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Investigations and Warnings

The Employment Appeal Tribunal in the case of Beattie v Condorrat War Memorial and Social Club & Others has considered whether a final written warning was valid in the absence of a full investigation.


The Claimant was a Bar Steward at Condorrat War Memorial and Social Club (“the Club”). She was issued with a final written warning when she could not explain why 26 bottles of alcohol were found to be missing following a stock take that she was responsible for.

The only investigation undertaken into the loss of stock had been by the Claimant herself. There was no separate investigation carried out by the Club into the Claimant’s culpability.

The Claimant appealed the final written warning but, at the same time, accepted “part responsibility” and offered to pay the Club for the missing alcohol. The appeal was unsuccessful and she was informed that the final written warning would remain on her record for 12 months.

While the final written warning was still live, the Claimant was asked to sell tickets for a function at the Club. She refused to do so saying that she was worried what would happen to her if the money collected for the tickets went missing. She was suspended while an investigation was carried out and subsequently dismissed without a disciplinary hearing.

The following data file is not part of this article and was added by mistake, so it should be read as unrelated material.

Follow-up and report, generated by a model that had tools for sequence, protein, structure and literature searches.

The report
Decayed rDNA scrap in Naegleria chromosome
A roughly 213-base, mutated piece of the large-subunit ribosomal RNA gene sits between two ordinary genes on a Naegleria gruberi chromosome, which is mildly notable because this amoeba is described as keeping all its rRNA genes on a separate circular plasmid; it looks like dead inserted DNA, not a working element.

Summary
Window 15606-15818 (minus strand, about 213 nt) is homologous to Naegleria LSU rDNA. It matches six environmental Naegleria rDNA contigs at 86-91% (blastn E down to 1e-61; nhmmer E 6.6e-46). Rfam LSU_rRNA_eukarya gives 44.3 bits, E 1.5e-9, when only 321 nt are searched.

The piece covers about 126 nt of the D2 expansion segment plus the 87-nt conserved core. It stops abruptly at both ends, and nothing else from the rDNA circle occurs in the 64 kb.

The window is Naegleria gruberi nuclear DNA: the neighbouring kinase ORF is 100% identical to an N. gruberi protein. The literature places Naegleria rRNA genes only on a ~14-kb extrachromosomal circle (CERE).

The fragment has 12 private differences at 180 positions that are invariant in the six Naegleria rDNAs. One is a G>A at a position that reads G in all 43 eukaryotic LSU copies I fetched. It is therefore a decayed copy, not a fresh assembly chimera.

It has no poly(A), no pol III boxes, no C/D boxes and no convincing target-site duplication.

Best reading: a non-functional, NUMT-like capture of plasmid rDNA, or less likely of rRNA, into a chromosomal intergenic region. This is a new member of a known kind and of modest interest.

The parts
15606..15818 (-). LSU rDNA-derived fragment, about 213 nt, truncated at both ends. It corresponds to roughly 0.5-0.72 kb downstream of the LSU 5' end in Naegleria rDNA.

The Claimant submitted a claim of unfair dismissal, challenging the validity of the earlier final written warning due to the lack of investigation.


The Employment Tribunal found that the Claimant had been unfairly dismissed due to lack of procedure but reduced her compensation to nil on the basis that, had a fair procedure been followed, there was a 100% chance that she would have been dismissed in any event (as the final written warning was live at the time of the second act of misconduct).

The Tribunal considered that although there was no investigation into the Claimant’s culpability of the missing stock, the final written warning could not be said to be inappropriate as the Claimant had admitted in her appeal that she was “partly responsible”.

The Claimant appealed the decision arguing that the final written warning was not valid and therefore the decision to reduce compensation should be overturned.

The Employment Appeal Tribunal dismissed the appeal. It held that the Tribunal had taken the correct approach when considering if there was a prima facie case for issuing the final written warning. It reasonably concluded, based on the evidence, that the final written warning had not been inappropriate and therefore the reduction to compensation was appropriate.


Reasonable investigation is a key part of the test of fairness in misconduct dismissals. The degree of investigation will depend on the circumstances but as a general rule, the more serious the allegations, the more in-depth the investigation should be.

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